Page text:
Title: Not Fade Away
Director: David Chase (‘The Sopranos’)
While the 1960s is a decade synonymous with war, the civil rights movement and assassinations, the decade was also an era defined by its rock-n-roll musical revolution that represented many teens and young adults’ desire to find their own interests. The new drama ‘Not Fade Away,’ the feature film writing and directorial debut of ‘The Sopranos’ creator David Chase, tells the powerful coming-of-age story of typical American suburban teens trying to realize their dreams during a decade of political unrest. Not wanting to fall into the same mundane lifestyle, they invented a new form of art and perception of life, in an effort to rebel and create their own identities.
‘Not Fade Away’ follows aspiring teenager Douglas (John Magaro), who drops out of college after his first semester to form a band with his friends Gene (Jack Huston) and Wells (Will Brill), and they get their start playing covers of Bo Diddley, the Rolling Stones and the Kinks. After Gene, the lead vocalist, has to skip a gig after swallowing a lit joint, Douglas steps in, proving to be the better singer. Douglas’ singing finally captures the attention of his high school crush, Grace (Bella Heathcote).
While Douglas feels at home with the band, he develops an uneasy relationship with his blue-collar Italian-American family. His depressed mother, Antionette (Molly Price), shakes her head in disgust at her son, while his father, Pat (James Gandolfini), is always quick to start a fight with his son over his views. But the family pulls together when Pat is diagnosed with cancer. Pat begins to view his son’s steps toward self-discovery, and the regrets of his own life, which brings him closer to Douglas.
With his first feature film screenwriting effort, Chase created an emotional, relatable chronicle of Douglas’ struggle to launch, and find success with, his band, in order to realize his dream of truly living on his own terms. Between his objection over serving in what he perceives to be a futile war and his desire to rebel against his father’s more conservative views on what it means to be a family man, Magaro portrays Douglas as undergoing a realistic coming of age transformation. As Douglas listens to the new wave of rock-n-roll, including The Beatles and The Rolling Stones, and is under the influence of drugs, he searches for his artistic and professional identities, but also garners the courage to finally reveal his true feelings for Grace.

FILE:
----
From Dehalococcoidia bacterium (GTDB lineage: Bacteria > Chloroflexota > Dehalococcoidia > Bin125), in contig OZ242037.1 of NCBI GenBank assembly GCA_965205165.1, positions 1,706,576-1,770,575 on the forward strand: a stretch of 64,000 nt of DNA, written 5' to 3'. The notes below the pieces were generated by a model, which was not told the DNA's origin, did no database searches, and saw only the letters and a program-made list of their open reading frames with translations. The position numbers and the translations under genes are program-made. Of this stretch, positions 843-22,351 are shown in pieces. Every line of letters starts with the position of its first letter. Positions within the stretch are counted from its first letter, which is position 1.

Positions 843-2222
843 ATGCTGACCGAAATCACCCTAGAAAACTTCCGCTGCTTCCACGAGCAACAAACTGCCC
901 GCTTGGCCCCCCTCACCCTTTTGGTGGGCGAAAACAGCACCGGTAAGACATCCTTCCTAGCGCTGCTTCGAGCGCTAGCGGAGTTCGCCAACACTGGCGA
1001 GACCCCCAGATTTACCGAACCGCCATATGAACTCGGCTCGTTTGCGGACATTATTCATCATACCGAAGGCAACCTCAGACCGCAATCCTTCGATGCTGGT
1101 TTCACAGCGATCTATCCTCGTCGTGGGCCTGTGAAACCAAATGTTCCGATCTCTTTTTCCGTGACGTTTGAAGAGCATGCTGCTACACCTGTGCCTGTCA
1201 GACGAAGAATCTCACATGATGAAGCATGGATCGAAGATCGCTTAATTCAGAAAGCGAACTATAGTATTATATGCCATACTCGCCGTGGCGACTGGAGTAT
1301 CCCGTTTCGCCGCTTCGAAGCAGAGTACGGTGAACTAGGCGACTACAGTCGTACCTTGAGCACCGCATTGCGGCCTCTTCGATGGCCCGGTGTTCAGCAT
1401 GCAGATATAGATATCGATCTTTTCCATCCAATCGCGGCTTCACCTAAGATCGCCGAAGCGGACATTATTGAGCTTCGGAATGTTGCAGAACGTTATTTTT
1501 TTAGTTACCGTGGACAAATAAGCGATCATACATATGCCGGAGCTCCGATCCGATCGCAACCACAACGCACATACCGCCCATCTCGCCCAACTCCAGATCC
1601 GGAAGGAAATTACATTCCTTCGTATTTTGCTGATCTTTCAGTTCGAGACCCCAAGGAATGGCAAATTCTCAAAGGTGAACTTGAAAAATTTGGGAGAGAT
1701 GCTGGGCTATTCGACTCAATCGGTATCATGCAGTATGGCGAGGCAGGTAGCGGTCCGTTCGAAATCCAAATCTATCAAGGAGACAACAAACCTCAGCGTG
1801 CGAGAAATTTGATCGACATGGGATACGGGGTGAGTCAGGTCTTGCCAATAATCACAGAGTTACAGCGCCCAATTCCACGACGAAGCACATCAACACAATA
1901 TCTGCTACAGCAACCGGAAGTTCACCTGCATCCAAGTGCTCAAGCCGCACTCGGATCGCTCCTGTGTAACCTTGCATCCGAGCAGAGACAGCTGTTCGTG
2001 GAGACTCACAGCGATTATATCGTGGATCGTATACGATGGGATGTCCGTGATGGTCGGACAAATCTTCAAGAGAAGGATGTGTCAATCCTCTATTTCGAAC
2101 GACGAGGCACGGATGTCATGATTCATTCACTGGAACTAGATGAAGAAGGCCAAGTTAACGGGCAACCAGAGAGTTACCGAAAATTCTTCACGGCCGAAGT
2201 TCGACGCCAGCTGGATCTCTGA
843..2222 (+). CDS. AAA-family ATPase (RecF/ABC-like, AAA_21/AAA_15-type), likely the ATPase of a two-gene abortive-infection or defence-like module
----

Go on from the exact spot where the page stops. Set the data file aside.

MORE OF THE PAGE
Gandolfini, who was born a few years before Douglas truly began questioning the American ideals during the rock-n-roll revolution, was the perfect choice to portray a father struggling with the regrets of his life. Reflecting on his own at times strained relationship with his father, Gandolfini represents every father who can’t always express his love to his son in the most nurturing way. Pat wants Douglas to continue with college, or at least consider joining the army, and showcases his disdain for the musical career choices his son makes. Pat wants his son to have a stable life and embrace his idea of the American dream, and struggles with what he perceives to be outrageous lifestyle choices that Douglas continuously makes.
The rock-n-roll music, notably The Beatles and Rolling Stones songs, featured in ‘Not Fade Away’ truly defined Douglas’ struggle to find his true identity and created an emotional drift with his father. The songs sounded true to the characters’ experience, mainly in part to music supervisor Steven Van Zandt, one of the founding members of Bruce Springsteen’s E Street Band. Having previously worked with Chase as an original principal cast member on ‘The Sopranos,’ Van Zandt understood the director’s desire to create the right sounding music for every year showcased in the drama.
To help musically prepare Magaro, Huston, Brill and the rest of the actors playing the characters in the band, Van Zandt had them practice in his studio seven days a week for three months. Their hard work and dedication to learning the music as truly reflected in ‘Not Fade Away,’ as the actors truly playing the songs helped them understand their characters’ motivations and emotions. The actors truly sounded as though they were an actual band, struggling to find success; their characters therefore convincingly persevered in their careers, despite their families’ objections and not being signed to a record label right away.
While many rock-n-roll-inspired films focus on the agony and struggles musicians face as they try to launch their careers, ‘Not Fade Away’ instead uniquely features popular music in an intimate, powerful coming-of-age story. Chase realistically narrates Douglas’ struggles to find his true identity and passion in life, and natural resistance to automatically accepting his father’s beliefs as he moves into adulthood. When Douglas inadvertently discovers rock-n-roll and joins the band, he sees it as his way out of following his father’s footsteps, which he perceives to be a mundane lifestyle. The songs Van Zandt wrote for, and featured in, the film genuinely showcased Douglas and his friends’ emotions and need to find meaning in life, which was aided by the actors’ natural musical abilities.
Written by: Karen Benardello